Demand for affordable housing far exceeds supply in Flagstaff
Finding affordable housing has long been an issue in the City of Flagstaff and the problem is getting worse. The city has an ambitious ten-year plan with a goal of reducing the affordable housing need by half. KNAU’s Sakya Calsoyas reports.
It’s a chilly morning at a downtown coffee shop, where the City of Flagstaff is hosting an open house to discuss the housing crisis. Donny Dove is one of the residents who’s come to listen. “We’re 33-year residents of Flagstaff. And we’d like to see the towns that can grow in a way that is good for the community. And what we’ve been seeing, we don’t like,” Dove says.
Donny and his wife Caroline founded and co-own Canyon REO a river equipment outfitting company. They’re worried about their employees being able to find a place to live. “When you drive up to their house and they’ve got seven cars in the driveway, that’s not a party that they’re living there. You know, that’s ridiculous,” he says. “We absolutely need more affordable housing. But as my husband says, because of some of the things we’ve seen happening we just wanted to learn a lot more about the process and what the city is trying to accomplish,” Caroline Dove says.
The City of Flagstaff is ranked fourth in the nation for a shortage in affordable housing, according to the National Low Income Housing Coalition. Tad Moore, the President of the Northern Arizona Association of Realtors, says it’s an attractive place to live. “So, Flagstaff had all the buttons. It was the Four Seasons, it was the mountains, it was the rural climate, but also being within 2 hours of a major metro, if you need like specialized health care, we were kind of that perfect storm,” Moore says.
The market is squeezed by a growing city population as well as houses locked up by second homes, short-term rentals, and investment companies that price out the local residents. Moore claims another factor is that Flagstaff is landlocked. “It’s like 2 million acres of Coconino National Forest that surround us,” he says.
In the last decade, the median home price for Flagstaff more than doubled while the rent went up 66 percent according to Housing and Urban Development Statistics, meanwhile the average income for workers only rose by 37 percent. “And they’re the ones that get left behind because they just can’t afford to be here. They can’t get another job. They’re already working two or three jobs just to make rents, just to try to get a foot in the door,” Moore says.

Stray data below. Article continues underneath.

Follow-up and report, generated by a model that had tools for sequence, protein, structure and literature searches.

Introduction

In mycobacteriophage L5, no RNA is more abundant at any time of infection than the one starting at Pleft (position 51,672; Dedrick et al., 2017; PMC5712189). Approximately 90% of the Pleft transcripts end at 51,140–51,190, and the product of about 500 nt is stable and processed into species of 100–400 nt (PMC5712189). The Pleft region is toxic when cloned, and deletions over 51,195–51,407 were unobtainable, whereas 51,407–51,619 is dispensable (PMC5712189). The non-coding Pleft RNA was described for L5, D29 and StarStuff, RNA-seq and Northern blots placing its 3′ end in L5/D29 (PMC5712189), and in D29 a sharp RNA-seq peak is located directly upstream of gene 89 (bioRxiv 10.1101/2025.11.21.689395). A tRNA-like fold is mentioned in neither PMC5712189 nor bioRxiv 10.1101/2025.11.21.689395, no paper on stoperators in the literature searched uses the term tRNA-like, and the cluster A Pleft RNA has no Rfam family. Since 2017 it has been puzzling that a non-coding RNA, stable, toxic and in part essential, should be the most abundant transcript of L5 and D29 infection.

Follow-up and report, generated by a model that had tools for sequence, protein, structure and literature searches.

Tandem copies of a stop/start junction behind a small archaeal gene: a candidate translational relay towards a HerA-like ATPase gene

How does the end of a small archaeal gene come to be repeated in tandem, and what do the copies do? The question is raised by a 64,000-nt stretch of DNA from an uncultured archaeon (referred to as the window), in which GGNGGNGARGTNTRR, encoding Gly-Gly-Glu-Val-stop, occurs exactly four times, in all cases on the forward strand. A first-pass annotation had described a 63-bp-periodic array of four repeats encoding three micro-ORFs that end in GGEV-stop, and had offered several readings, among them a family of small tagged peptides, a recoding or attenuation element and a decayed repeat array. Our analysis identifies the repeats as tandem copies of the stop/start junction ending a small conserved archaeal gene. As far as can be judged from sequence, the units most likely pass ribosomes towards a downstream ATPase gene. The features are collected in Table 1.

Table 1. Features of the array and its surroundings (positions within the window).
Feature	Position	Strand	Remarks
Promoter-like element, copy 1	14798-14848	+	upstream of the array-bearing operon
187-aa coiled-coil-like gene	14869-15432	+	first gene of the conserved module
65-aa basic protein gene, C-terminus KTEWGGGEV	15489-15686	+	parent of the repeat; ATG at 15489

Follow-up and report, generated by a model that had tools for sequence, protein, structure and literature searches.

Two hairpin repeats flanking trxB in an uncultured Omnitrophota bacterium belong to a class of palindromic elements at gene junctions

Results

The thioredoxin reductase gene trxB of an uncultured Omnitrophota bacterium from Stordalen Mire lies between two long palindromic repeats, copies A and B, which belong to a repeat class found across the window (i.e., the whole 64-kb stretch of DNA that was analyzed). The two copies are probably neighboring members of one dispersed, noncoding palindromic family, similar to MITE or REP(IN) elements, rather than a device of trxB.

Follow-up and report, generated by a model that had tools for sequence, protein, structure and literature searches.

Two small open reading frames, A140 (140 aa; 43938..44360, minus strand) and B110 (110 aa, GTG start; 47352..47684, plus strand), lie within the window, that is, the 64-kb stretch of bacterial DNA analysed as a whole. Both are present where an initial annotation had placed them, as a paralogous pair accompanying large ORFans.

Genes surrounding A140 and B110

The city declared a housing emergency in 2020, and put together a 10-year plan to ease the shortage. Adriana Fisher is the city’s housing programs manager. “Our goal is to impact 6000 low to moderate income Flagstaff residents through unit creation or subsidy,” says Fisher.
65 percent of Flagstaff is in low to moderate income households. “So our goal is to make homeownership accessible because that is long term, how you build equity,” Fisher explains.
The City has multiple subsidy programs meant to boost homeownership in the long run. These programs sometimes work in partnership with Housing Solutions of Northern Arizona. Devonna McLaughlin is the CEO. “Some generators, some hammering, we’ve got the workers on site kind of working away,” says McLaughlin. She’s walking through an old hotel being renovated into living quarters. This will be transitional housing for people who are experiencing homelessness. “But, I would say over the last five years or so, the need for affordable housing has expanded up the income levels,” says McLaughlin. She also says the city’s ten year plan will help move the needle but not solve the problem entirely.
“But it’s such a big issue for so many households. I don’t think tomorrow we snap our fingers and we’ve solved affordable housing, unfortunately,” McLaughlin says. She also says that one strategy to come from the city’s plan is Proposition 442, a ballot measure that would dedicate 20 million dollars to create rental and homeownership opportunities in Flagstaff. Voters will decide on that next week.